Drinking Whisky

How to taste whisky?

The human mouth and nose is amazing. We have 5 primary tastes (bitterness, sourness, sweetness, saltiness, and umami) but we can detect up to 10,000 different smells with our noses. For this reason it is important to use both our nose and mouth when tasting whisky.

Whisky, like wine, is purely subjective. People enjoy different tastes and there is no right or wrong when tasting a whisky. Some people will enjoy a certain whisky, while others hate it, regardless of price, type, blend or region. It is extremely important to remember this to appreciate whisky, just because someone else likes a certain whisky, doesn’t mean you have to!

I’m going to use Richard Paterson (Master Distiller at Whyte & Mackay) instructions on tasting whisky, because they add such a personality to the tasting experience. Remember, there isn’t really a great deal you need to know about tasting and enjoying whisky, but these guidelines will help the experience.

The glass

When drinking whisky, it’s best to use a whisky tumbler. When tasting whisky you can use a wine tasting glass or tumbler.

Pouring the whisky

When tasting, pour a tiny amount of whisky in the glass and swirl it around to coat the inside of the glass. Now, this may sound strange, but if you can afford to, throw it out. The reason you do this is to clean the glass and ensure it’s up to the quality of the whisky you’re about to taste. Now you can pour a tot (25ml) of whisky in the glass and swirl it around, it’s now ready for nosing.

Nosing the whisky

When nosing the whisky put your nose deep in the glass for a few seconds. The first nosing is the “Hello” moment, it’s when the alcohol hits your nose and overwhelms your senses. The second  nosing is the “How are you?” moment, you’ve forgotten the initial alcohol smell and can go in for a second sniff. One nostril will always be better than the other depending whether its morning or afternoon, so it’s important to move the glass from side to side while nosing. If your eyes start flickering, your nosing the whisky too aggressively. Your mind should be on the inner warmth of the whisky. Next is the “Quite well” nosing. This is when you can start to pick up scents from the cask that the whisky was matured in.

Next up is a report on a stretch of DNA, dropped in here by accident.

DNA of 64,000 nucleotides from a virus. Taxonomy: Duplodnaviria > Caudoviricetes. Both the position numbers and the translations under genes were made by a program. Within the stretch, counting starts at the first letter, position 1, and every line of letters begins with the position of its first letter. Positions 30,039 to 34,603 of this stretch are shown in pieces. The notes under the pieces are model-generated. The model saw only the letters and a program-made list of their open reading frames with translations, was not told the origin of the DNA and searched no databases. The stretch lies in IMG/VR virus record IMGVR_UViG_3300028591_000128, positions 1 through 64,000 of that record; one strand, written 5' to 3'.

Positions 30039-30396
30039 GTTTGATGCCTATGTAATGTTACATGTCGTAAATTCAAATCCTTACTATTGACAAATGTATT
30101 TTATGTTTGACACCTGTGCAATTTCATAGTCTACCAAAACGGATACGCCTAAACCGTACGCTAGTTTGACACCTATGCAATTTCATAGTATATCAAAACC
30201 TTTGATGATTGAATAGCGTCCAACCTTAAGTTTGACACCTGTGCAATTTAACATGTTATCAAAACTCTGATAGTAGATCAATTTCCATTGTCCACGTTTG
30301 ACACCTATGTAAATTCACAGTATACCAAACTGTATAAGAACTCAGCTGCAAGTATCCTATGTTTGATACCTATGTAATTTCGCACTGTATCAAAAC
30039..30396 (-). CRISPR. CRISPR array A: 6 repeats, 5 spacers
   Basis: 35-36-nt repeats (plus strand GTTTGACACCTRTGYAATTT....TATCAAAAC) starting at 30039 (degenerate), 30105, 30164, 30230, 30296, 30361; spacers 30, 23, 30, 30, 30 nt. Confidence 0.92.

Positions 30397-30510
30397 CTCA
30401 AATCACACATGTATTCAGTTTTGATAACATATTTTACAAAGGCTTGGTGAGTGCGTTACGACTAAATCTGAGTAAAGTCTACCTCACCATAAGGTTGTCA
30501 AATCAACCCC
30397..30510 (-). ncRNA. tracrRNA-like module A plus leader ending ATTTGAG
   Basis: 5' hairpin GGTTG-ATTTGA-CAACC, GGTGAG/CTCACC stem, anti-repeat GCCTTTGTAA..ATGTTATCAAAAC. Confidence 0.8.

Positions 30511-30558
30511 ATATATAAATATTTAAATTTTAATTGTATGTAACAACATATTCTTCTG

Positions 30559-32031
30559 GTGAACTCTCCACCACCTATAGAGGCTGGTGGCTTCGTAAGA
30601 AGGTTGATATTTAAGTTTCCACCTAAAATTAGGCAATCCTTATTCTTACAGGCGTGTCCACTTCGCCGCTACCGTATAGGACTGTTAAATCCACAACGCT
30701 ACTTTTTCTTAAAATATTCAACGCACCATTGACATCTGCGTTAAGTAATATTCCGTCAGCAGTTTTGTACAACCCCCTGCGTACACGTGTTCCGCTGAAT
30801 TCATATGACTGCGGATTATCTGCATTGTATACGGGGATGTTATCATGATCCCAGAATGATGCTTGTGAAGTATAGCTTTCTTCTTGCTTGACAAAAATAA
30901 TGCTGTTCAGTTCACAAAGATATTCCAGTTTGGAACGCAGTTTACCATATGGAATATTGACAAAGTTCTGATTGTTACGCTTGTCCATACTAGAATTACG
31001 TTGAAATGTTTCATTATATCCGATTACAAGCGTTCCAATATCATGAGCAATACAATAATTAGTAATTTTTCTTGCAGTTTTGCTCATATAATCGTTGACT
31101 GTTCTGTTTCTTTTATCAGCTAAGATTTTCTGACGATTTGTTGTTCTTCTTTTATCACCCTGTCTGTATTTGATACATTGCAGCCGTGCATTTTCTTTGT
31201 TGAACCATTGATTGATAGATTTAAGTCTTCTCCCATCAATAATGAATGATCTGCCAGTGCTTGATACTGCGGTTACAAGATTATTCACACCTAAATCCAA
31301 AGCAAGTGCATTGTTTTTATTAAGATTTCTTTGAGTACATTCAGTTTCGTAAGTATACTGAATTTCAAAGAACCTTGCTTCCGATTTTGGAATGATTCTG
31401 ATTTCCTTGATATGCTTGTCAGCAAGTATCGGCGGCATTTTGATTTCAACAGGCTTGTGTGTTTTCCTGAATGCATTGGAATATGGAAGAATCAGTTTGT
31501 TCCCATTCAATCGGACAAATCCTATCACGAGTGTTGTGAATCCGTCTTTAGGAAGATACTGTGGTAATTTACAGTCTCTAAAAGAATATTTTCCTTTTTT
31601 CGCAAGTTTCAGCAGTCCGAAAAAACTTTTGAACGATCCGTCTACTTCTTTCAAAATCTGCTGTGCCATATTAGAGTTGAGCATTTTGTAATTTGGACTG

Tasting the whisky

There are different methods that can be followed here. I personally prefer to taste the whisky neat first before adding any water to try get a true sense of it in raw form. Next added a little cool water, you want to reduce the alcohol down to 38%. This releases the tannins (flavours) of the whisky and makes it more palatable. Swirl the whisky a little and then take a sip and swirl it around your palate for at least 12 seconds. If your eyes flicker while tasting the whisky is still to strong for your palate and needs to be diluted with a little more water. There’s a debate around whether or not to add ice to whisky, with most masters claiming you don’t. During a tasting this is all good and well but when enjoying whisky socially I prefer to add a maximum of 2-3 blocks of ice with less water than usual.

Below is a chart of the most common whisky flavours, feel free to click the image below to download a high-res version.

Whisky Flavour Chart

Start with youngest and move up 

If you’re tasting a number of whiskies, start first with the youngest aged and move up through to the oldest. Always leave some of each to go back to. You’ll be amazed at how different they taste and what flavours you pick up when you go back to the beginning.

A final thought

When tasting whisky, try not pay attention to the price or year. In fact, try it blind at first if possible. As humans our initial perceptions are skewed and this may lead to bias in tastings.